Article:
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Study progress and how it is monitored

You must make satisfactory progress with your studies in order to get financial aid for students. Your progress is regarded as satisfactory if the time you take to complete your full-time studies is not significantly longer than the time for which financial aid is available in your programme.

Kela monitors study progress annually for students in upper secondary education and higher education. If you have not made satisfactory progress, we will send you a request for further information. Students are advised to reply to the request for information and explain the reasons for the lack of progress. Read more on how to reply to a request for information.

If you do not reply or if the reasons you provide for your lack of study progress are not accepted, we may have to discontinue your financial aid. If it is necessary to monitor your study progress particularly closely, we may have to change your financial aid to be paid out for a specified period of time only. We may also require you to pay back financial aid if you have earned particularly few credits and you never intended to study, for instance if you are working instead.

Study progress

The requirements for study progress are different for upper secondary education and higher education.

In upper secondary education, you are considered to make satisfactory study progress if you are a full-time student and the time you take to complete your studies is not significantly longer than the time for which financial aid is available in your programme. Financial aid is available for 4 months if you are studying for a vocational upper secondary qualification or you attend general upper secondary school. After that, you can apply for additional financial aid for a period of up to 12 months.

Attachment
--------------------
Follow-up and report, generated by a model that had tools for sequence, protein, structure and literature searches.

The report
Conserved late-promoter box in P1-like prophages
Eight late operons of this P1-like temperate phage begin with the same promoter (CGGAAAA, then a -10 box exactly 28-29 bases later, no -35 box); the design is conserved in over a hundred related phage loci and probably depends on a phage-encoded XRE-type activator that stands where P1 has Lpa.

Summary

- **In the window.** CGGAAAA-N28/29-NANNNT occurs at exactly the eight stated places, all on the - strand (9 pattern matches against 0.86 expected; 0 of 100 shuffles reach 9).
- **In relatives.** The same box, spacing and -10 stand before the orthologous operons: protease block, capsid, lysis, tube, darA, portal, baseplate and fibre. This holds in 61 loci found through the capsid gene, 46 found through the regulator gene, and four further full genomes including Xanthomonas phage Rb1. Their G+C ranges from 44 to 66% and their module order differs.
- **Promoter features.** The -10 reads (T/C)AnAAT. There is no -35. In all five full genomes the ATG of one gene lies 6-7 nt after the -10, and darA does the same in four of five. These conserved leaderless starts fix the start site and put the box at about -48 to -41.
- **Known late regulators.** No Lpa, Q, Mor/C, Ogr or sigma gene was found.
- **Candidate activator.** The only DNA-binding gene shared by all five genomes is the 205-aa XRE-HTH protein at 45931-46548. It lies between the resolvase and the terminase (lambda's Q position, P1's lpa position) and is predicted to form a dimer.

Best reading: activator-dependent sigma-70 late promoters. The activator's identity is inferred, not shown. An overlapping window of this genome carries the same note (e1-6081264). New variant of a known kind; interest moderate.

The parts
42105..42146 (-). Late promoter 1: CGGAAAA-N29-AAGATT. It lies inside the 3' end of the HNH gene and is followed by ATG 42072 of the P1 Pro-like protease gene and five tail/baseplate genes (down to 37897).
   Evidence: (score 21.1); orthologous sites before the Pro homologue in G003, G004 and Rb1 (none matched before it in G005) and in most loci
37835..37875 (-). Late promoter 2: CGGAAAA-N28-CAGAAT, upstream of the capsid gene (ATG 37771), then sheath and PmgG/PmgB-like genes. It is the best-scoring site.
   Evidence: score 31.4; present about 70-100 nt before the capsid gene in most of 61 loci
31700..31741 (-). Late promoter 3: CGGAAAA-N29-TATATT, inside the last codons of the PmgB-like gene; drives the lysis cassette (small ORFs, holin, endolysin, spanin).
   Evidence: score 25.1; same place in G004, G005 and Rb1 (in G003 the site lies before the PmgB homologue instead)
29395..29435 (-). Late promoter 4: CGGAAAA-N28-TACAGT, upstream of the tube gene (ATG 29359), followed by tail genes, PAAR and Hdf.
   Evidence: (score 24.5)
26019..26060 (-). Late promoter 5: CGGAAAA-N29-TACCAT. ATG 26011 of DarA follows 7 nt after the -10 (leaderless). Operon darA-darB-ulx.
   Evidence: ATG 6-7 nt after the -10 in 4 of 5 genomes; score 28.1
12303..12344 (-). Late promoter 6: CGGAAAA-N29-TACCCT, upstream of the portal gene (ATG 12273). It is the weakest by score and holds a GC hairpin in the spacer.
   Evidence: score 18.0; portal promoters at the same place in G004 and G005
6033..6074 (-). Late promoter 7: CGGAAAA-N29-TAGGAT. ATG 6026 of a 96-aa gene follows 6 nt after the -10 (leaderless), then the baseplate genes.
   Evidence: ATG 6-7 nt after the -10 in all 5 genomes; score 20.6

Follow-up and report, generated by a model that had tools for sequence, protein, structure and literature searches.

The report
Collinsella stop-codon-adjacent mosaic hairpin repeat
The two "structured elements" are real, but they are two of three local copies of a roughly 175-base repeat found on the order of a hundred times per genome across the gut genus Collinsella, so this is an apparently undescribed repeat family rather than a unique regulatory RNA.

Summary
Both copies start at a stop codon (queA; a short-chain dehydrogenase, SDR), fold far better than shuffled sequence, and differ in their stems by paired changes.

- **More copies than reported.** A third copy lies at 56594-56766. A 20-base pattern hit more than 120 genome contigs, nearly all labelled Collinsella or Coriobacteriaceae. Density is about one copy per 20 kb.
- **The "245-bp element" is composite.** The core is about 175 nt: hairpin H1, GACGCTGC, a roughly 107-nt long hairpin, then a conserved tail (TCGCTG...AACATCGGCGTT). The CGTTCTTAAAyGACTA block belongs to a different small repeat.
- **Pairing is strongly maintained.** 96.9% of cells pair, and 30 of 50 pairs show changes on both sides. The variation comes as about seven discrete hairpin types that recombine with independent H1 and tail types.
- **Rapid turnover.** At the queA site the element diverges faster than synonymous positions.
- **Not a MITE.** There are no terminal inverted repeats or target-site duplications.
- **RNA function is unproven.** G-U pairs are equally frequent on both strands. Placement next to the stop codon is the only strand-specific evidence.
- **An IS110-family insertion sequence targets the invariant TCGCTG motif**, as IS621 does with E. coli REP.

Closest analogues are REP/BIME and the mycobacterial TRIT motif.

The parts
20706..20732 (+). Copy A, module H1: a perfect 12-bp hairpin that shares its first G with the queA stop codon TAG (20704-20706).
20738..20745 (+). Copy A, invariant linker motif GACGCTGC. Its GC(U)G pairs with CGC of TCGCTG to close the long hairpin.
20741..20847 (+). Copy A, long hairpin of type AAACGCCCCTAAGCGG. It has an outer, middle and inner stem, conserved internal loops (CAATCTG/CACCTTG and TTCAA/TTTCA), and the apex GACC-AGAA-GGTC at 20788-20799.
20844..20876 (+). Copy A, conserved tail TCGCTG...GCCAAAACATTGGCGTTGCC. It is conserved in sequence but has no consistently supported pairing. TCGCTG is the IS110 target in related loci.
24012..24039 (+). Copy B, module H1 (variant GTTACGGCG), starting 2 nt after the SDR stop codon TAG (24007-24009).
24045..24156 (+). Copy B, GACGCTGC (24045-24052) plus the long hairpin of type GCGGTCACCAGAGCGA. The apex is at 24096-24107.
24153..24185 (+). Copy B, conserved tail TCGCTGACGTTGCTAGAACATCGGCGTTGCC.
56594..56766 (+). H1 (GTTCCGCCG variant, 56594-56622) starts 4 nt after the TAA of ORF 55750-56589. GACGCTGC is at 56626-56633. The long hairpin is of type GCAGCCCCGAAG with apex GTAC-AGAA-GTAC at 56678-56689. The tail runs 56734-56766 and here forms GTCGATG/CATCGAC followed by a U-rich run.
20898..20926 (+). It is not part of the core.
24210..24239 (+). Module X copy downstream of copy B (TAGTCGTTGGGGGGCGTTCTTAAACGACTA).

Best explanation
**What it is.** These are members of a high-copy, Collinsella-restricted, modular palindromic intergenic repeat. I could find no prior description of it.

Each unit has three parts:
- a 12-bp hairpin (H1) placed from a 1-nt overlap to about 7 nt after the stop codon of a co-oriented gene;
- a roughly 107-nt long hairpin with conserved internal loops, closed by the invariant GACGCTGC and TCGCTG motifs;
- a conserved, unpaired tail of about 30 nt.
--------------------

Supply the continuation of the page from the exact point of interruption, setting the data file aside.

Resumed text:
Your study progress in higher education is considered sufficient if you meet both of the following requirements:

  • You complete at least 5 credits on average for each month of financial aid for students.
  • You complete at least 20 credits in each academic year, i.e. the minimum number of credits required per academic year.

A month of financial aid is a month for which you have been paid either a study grant, a housing supplement, or both. Months for which you have returned financial aid, or for which you have been required to pay back financial aid, are not considered as months of financial aid. A month during which you have only received general housing allowance is also not considered as a month of financial aid.

The number of months of financial aid does not affect the minimum requirement for study progress. Even if you have received financial aid for only one month within a single academic year, you must still complete at least 20 credits.

The minimum requirement for progress does not apply to the first academic year of any course of study that begins in the spring term (1 January–31 July). The minimum requirement also does not apply to the academic year in which you complete your higher education degree.

Even if you have not earned at least 5 credits per each month of financial aid in the academic year under review (1 August–31 July), you may still be able to get financial aid if you have earned at least 5 credits per month during your entire course of study. However, in such a case you must have earned at least 20 credits during the academic year under review.

Example of study progress in higher education

A student earned 40 credits in the academic year under review (1 August–31 July) and has received financial aid payments for nine months. Over their entire course of study, the student has earned a total of 140 credits and taken out student financial aid for 27 months.